London

Here's a look at the new winter shelter opening at Fanshawe Golf Course today

Trailers to house people experiencing homelessness have been set up around the Fanshawe Golf Course clubhouse for the winter shelter program that begins today.

Some residents are arriving over the next few days

The program is being led by Impact London. (James Chaarani/CBC)

Trailers to house people experiencing homelessness are set up around the clubhouse at Fanshawe Golf Course, just down from the lake.

This is part of the City of London's much-anticipated winter shelter program, led by Impact London, which launched today and will continue until March 1, 2022. 

Fanshawe Golf Course is one of the city's winter shelter sites. (James Chaarani/CBC)

The first 19 residents are arriving over the next few days but the plan is to accommodate a total of 33 people, the city said.

It's one of many programs the city is offering this winter for people experiencing homelessness. There are initiatives for people who want to stay in the downtown core, but this one happens to be at the edge of town by design. 

Residents of the program will be provided with supplies when they arrive. (James Chaarani/CBC)

"There are different people in different stages of their journey, and there are individuals out there, many individuals out there, who want to get out of their current situation," said Debbie Kramers with the City of London's housing stability services. 

"They want to leave the core, or they want to leave the riverside, or they want to leave the park that they're staying in. They would like assistance with housing and they would like to know how to do that."

The program is aimed at people who are much further along in their housing journey, and the goal is to get them housed. 

They'll have five full time Impact London staff to help and two security officers, 24/7.

Residents of the winter shelter program will be housed in trailers. (James Chaarani/CBC)
One of the units that will accommodate residents of the program this winter. (James Chaarani/CBC)

Despite shelters being set up on the golf course, the grounds won't be used for the program, although people can use the public land, Kramers said.

Winter homeless response at Fanshawe Golf Course

1 year ago
Duration 0:12
The City of London is facilitating a winter shelter at the Fanshawe Golf Course for people experiencing homelessness.

The clubhouse will be a common area for residents where they can relax, eat or watch television. It's also where the toilets and showers are, and the kitchen. 

The kitchen where meals will be prepared for residents, located in the clubhouse. (James Chaarani/CBC)

'Sense of community'

Those in the program can also socialize in the clubhouse with the other residents, which is a part of the program's intention, Kramers said. Organizers want to provide a "sense of community."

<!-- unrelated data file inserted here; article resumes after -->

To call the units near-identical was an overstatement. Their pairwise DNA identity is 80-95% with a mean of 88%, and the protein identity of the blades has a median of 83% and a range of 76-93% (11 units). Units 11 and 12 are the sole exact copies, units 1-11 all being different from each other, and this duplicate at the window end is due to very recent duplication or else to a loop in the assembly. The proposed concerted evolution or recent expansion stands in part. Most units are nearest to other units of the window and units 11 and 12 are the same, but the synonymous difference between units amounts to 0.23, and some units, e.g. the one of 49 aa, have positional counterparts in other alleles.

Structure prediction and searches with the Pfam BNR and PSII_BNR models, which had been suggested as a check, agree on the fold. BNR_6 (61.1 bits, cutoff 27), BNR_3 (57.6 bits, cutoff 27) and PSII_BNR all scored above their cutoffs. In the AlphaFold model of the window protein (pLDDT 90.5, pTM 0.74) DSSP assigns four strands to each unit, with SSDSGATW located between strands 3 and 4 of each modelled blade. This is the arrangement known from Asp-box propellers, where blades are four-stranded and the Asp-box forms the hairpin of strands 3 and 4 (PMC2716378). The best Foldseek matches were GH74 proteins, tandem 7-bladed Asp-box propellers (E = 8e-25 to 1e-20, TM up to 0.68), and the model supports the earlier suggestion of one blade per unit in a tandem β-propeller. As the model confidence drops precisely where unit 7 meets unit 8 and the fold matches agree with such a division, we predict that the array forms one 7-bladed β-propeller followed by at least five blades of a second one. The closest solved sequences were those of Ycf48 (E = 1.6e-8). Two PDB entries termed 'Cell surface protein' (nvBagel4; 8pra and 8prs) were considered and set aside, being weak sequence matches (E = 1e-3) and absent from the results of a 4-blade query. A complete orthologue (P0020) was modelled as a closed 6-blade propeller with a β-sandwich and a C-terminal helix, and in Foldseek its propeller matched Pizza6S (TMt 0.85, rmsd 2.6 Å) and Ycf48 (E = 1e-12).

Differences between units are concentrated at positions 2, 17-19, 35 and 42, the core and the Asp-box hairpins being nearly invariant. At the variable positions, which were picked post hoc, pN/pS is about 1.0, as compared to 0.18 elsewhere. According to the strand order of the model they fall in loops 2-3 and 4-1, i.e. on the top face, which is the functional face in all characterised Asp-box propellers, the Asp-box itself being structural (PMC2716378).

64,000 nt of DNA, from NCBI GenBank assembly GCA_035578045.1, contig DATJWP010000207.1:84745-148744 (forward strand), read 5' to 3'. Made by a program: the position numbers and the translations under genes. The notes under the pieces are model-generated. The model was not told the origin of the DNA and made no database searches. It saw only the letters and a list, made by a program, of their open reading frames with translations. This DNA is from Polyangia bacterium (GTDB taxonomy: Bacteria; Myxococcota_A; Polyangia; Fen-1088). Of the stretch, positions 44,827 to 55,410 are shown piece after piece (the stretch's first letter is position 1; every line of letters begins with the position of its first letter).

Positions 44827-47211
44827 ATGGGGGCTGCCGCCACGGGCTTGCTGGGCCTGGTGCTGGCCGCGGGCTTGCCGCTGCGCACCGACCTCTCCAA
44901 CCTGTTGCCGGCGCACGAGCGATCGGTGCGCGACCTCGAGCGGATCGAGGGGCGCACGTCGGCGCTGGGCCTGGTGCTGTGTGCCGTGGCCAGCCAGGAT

"One of the things that people don't realize is the lack of community when you live unsheltered," Kramers said. 

She said that for many, they might be living alone in a hut, tent or a doorway.

The lounge of the clubhouse where residents can relax, eat or socialize. (James Chaarani/CBC)
The view of Fanshawe Lake from the clubhouse. (James Chaarani/CBC)

"Last year, one of the greatest takeaways from our two winter locations was exactly that: the sense of community."

Residents won't be isolated to the golf course though. There will be a van with a driver available from 8 a.m. until 4 p.m. to take people to necessary appointments and meetings. It's unlikely that there will be Sunday service. 

Lived experience

Kramers said that they intentionally chose Impact London as their partner, pointing out that their staff have lived experience, and understand addiction and homelessness firsthand. 

George Clarke is site manager with Impact London. (James Chaarani/CBC)

"To think that you can go from the street and slowly transition your way back into society is a very daunting situation," said George Clarke, the site manager with Impact London. "A lot of people don't think that can ever happen."

"With our staff out here, that shows you that there's a light at the end of the tunnel and that the journey is long and the journey is hard," he added. "But it can be done."

Comments

To encourage thoughtful and respectful conversations, first and last names will appear with each submission to CBC/Radio-Canada's online communities (except in children and youth-oriented communities). Pseudonyms will no longer be permitted.

By submitting a comment, you accept that CBC has the right to reproduce and publish that comment in whole or in part, in any manner CBC chooses. Please note that CBC does not endorse the opinions expressed in comments. Comments on this story are moderated according to our Submission Guidelines. Comments are welcome while open. We reserve the right to close comments at any time.

Become a CBC Member

Join the conversation  Create account

Already have an account?

now